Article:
You may be looking at these temperatures and thinking, "That's way overdone!" and you're right.  However, when cooking cuts of meat with lots of connective tissues like collagen and elastin, you have to get it hot enough to break down fully.  Yes, the meat will be overcooked, but it'll also be coated with lots of natural gelatin formed by the breaking down of the connective tissue.  This will make the meat feel and taste moist and juicy, even though you've pretty much cooked all of the natural juices out of it.

Pining for the Fjords

January 13, 2012 in Personal | Comments (0)

Despite how it may seem upon casual inspection, my blog isn't dead.  Recently someone asked me why it is that I don't blog much any more, since my last update to this site was more than half a year ago.  I haven't given up blogging, necessarily. I just find that I don't really need it right now.

I'm sure most of you already know this, but for almost two years now I've been podcasting on a regular basis. It started with a simple, bi-weekly show called The Tightwad Tech, where my co-host Shawn and I discussed our unique methods for stretching a tight technology budget in a small, rural school.  To date we've produced more than 90 episodes of The Tightwad Tech and have had the amazing privilidge of interviewing world-famous authors, CEOs of major corporations, and many hard-working, talented, dedicated education professionals.  The show, which is now a weekly publication, is downloaded by thousands of people every week, with the numbers growing steadily.

Shawn and I so enjoyed doing the show, that we began to produce others, and in the summer of 2011 formed a media production company called Element Opie Productions to produce and distribute our growing catalog of weekly Internet radio shows.  As of right now, I'm "on the air" an average of about ten hours a week, pontificating, plying my often sardonic wit, learning from brilliant people, and just generally having a whole lot of fun.  I love what I'm doing, and hope that, in time, it can become my full-time occupation.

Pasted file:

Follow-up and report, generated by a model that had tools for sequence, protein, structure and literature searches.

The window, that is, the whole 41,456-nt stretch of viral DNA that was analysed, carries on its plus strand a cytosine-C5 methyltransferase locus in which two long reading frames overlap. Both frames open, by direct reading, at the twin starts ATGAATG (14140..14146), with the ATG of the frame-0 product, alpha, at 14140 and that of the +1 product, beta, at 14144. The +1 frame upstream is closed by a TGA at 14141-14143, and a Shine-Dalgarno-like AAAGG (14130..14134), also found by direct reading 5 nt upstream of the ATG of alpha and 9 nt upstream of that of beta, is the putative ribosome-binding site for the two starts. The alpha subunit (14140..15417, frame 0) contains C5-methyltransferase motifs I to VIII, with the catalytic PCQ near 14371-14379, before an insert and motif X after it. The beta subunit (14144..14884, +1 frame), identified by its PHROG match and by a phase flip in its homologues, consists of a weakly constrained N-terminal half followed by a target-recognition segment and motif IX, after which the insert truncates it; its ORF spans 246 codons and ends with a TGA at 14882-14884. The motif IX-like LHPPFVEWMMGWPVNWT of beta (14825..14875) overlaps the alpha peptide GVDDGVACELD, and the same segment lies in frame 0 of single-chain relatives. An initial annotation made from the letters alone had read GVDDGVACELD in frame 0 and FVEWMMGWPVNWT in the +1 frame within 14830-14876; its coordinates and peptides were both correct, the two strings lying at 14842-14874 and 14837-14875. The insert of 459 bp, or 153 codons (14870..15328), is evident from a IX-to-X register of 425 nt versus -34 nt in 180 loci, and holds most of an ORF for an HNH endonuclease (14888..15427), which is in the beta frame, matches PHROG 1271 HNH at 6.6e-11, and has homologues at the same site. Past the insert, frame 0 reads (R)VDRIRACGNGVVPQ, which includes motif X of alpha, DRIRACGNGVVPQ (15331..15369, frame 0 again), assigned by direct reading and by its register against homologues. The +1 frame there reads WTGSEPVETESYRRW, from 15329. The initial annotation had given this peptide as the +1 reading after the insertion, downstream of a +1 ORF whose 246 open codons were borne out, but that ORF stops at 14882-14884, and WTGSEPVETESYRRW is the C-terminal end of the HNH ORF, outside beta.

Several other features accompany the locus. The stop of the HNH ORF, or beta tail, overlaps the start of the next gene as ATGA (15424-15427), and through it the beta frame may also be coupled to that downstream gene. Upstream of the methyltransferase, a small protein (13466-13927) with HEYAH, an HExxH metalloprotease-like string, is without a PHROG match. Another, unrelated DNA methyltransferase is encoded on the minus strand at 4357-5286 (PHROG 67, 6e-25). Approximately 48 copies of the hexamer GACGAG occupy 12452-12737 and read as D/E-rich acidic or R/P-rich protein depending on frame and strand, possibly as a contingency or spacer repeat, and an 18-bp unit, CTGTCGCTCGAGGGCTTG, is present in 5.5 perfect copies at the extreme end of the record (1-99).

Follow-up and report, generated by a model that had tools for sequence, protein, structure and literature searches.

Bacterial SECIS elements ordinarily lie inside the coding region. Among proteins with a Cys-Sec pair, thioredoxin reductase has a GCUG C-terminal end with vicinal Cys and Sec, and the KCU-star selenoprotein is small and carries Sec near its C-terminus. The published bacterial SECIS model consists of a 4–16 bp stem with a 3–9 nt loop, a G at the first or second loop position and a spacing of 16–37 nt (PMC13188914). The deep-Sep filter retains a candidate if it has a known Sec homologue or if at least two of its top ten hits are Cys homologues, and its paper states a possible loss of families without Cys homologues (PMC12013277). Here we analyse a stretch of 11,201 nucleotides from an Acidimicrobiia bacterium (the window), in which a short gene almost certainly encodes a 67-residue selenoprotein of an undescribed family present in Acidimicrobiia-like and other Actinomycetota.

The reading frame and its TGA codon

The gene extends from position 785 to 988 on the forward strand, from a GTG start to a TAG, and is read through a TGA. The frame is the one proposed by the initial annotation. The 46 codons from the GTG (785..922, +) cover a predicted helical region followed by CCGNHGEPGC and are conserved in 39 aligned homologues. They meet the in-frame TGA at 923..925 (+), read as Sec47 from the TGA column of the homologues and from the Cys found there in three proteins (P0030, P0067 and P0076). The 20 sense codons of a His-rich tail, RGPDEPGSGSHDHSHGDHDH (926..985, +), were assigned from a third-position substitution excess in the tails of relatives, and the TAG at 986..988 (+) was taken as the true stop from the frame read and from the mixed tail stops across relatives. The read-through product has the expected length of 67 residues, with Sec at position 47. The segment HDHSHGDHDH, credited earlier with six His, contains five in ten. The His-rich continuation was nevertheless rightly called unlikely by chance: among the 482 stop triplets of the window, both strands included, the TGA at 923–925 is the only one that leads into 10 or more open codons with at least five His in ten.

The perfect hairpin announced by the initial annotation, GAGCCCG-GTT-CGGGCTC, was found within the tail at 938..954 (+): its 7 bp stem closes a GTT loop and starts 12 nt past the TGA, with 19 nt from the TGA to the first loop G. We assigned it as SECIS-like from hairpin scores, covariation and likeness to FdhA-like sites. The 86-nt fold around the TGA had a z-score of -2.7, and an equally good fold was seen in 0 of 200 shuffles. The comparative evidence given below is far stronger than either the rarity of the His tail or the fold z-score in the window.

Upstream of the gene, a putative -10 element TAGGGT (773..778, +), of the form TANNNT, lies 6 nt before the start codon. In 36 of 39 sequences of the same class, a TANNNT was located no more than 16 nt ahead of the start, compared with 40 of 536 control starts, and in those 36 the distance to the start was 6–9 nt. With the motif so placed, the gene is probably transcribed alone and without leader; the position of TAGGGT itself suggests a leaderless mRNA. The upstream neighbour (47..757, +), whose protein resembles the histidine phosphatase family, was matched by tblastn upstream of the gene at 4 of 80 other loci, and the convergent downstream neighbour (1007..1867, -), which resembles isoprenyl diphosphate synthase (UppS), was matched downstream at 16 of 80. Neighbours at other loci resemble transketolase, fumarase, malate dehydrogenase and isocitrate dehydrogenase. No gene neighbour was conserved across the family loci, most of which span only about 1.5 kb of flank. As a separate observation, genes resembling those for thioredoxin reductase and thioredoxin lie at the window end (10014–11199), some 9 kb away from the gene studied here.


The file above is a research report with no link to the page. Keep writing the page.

One side-effect of all this podcasting is that I don't really need to blog any more.  My blog has always been a place to codify my thoughts in writing, to share my observations, to entertain, to inspire.  In short, it's been my verbal playground for all these years.  Now I do all of that and more while behind a microphone.  I'm sure that, from time to time, there will be things that I just have to write- thoughts that can't be made complete until I write and then read them, and those will surely bring me back to the comfort of my blog and my first love; prose.

In the mean time, if you want to find out what's going on in my life, what thoughts are rumbling through my mind, what's breaking my heart, what's making me giggle like a schoolgirl, then pop on over to ElementOpie.com and listen in.  If you're already familiar with podcasting, you can subscribe to our shows and have them delivered to your phone, MP3 player, or computer automatically.  If not, don't worry about it.  Each show has a nice, friendly "play button" right on the Web page.  Visit the site, click play, and (hopefully) enjoy.

As always, I covet your feedback.  Let me know what you think.  What's good?  What could be better? What would you like to hear us talk about in the future.  Feel free to leave a comment here on my blog, on the Element Opie Web site, or on Twitter or Facebook.  Thanks for reading, listening, and just generally being a part of my life!

Reality Is Boring

July 31, 2011 in Education,Family | Comments (0)

Late last night my family returned home from what we dubbed our "mini-vacation."  Rather than taking a big, expensive family vacation this year, we stayed relatively local and took a small (still, somehow far too expensive) mini-vacation.  We stayed a couple of nights in a hotel, because to a kid hotel = vacation and treated ourselves to some of the Dallas area attractions.